I expected to see tropical diseases and other illnesses that we don’t get in the UK. However, nearly every patient was in hospital with cardiovascular problems or diabetic complications. Traditional “Western” diseases had arrived in the Cook Islands as the population became westernised and no longer lived as their Polynesian ancestors did. The majority of the population are obese with Type 2 diabetes and heart problems secondary to this.

Diabetic control is a major problem in the Cook Islands and every diabetic patient I met had a very high blood glucose level. The patients didn’t take their medication and ate a diet high in fat and sugar. Due to this poor control, many suffered from complications such as renal failure, ischemic heart disease and stroke. I learned that the lack of education was the main reason for this and the Ministry of Health was working on new ways to help educate the medical staff and doctors.

About a third of the patients on the medical ward didn’t need to be there. Due to a lack of social services on the island, families are expected to look after elderly and sick family members. If a patient has no family or no one available to help 24/7, they basically live in the hospital until a solution is found.

Cook Islands dancersOnce my day in hospital had finished, I was free to explore the island and learn about their Maori culture. I went to traditional dance nights where the locals would wear their traditional clothing and teach us about each dance, telling us how it symbolised a specific event in their ancestors’ history. I spent each Saturday morning at the local market eating coconuts and papayas for breakfast and admiring the local arts and crafts. I also got the chance to take a scuba diving course on my weekends and got my qualification to scuba dive wherever and whenever I want.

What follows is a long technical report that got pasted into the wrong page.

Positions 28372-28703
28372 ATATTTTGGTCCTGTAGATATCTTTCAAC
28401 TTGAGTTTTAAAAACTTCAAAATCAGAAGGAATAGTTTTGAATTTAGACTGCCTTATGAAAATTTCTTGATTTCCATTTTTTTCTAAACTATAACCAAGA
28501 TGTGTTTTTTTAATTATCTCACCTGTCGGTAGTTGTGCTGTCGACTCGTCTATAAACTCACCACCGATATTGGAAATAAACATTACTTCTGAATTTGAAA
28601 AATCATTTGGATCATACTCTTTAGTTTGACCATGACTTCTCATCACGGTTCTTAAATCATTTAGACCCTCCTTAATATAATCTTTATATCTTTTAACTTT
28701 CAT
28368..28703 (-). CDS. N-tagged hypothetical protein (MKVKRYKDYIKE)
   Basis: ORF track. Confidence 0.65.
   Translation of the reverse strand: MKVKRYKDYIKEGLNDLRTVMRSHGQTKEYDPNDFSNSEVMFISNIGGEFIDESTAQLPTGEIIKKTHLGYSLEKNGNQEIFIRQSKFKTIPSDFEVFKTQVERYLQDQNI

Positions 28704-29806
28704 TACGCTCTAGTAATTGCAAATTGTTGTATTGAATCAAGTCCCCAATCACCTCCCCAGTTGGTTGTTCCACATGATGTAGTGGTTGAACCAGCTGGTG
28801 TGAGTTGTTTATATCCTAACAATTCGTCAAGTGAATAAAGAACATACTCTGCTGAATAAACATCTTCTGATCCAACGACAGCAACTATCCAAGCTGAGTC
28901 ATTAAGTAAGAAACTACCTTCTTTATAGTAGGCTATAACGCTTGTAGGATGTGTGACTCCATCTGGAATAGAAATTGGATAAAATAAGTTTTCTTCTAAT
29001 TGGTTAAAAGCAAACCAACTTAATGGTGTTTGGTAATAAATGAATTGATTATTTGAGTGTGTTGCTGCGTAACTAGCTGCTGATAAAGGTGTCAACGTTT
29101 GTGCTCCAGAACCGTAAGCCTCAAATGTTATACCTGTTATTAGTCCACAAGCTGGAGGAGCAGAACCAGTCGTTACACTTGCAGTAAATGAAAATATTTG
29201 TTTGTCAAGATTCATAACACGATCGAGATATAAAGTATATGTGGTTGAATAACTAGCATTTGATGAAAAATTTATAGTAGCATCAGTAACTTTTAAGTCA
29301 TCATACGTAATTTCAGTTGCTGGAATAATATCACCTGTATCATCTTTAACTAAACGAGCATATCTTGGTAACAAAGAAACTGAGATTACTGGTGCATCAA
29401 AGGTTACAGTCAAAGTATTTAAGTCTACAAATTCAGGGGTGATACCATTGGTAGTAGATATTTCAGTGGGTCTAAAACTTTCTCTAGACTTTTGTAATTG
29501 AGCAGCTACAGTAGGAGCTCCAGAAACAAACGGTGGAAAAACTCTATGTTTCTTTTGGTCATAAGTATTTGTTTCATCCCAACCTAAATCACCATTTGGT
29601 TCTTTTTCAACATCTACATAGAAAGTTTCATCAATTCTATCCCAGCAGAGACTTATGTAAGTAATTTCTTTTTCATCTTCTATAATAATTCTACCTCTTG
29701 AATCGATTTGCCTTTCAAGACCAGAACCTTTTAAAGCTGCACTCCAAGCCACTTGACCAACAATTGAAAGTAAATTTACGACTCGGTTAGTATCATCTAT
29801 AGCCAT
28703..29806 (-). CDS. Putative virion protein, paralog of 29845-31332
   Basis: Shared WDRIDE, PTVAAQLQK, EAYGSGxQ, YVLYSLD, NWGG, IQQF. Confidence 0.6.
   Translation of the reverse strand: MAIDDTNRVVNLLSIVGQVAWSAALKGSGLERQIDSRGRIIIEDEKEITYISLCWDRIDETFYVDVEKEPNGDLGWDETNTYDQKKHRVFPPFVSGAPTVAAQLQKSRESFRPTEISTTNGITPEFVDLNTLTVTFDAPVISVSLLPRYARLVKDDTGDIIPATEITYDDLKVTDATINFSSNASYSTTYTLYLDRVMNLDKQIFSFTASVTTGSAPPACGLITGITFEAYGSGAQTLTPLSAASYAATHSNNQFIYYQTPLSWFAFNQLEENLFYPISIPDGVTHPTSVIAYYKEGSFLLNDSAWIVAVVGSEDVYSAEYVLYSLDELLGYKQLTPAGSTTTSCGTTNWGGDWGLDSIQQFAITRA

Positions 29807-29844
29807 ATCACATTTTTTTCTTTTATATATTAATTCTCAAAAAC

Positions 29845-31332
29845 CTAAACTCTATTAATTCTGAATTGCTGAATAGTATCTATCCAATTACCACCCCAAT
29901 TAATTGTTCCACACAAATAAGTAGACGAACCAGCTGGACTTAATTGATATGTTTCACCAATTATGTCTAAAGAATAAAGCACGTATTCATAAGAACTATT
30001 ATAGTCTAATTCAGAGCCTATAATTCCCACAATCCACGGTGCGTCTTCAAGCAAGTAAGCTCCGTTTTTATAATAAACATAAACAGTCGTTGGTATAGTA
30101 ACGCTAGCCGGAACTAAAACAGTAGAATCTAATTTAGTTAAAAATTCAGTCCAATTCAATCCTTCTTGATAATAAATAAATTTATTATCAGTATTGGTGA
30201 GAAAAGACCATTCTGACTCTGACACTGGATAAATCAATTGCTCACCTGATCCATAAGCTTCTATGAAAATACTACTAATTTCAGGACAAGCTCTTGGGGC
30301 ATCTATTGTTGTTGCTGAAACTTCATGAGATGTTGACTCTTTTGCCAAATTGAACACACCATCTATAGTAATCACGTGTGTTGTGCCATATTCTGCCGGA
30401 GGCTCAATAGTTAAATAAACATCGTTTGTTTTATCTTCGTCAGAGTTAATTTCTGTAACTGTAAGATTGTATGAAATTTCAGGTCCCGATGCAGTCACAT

I was very lucky to be in Rarotonga for Te Maeva Nui, a week-long celebration of the Cook Islands independence from New Zealand. During this week, there were extra dance shows, local food markets and a massive float parade. We got the chance to help the hospital staff decorate their float and watch as all the floats drove through the town to show off their creativity. It was amazing and I learnt a lot about the history of the Maori people and how they used to live and forage on the island.

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Overall, I had an unforgettable experience in Rarotonga. My time spent in hospital was fun and I learnt a lot. An experience like this at a hospital with little resources makes you appreciate what you have back home. Out of the hospital, I felt really welcomed on the Island by everyone I met. I don’t think I’ve ever met such a friendly bunch of people anywhere else. I fell in love with the island, the clear blue waters, the people, their relaxed way of life… and I’ll most definitely return one day!

Josephine Campbell
Glasgow University, Scotland, UK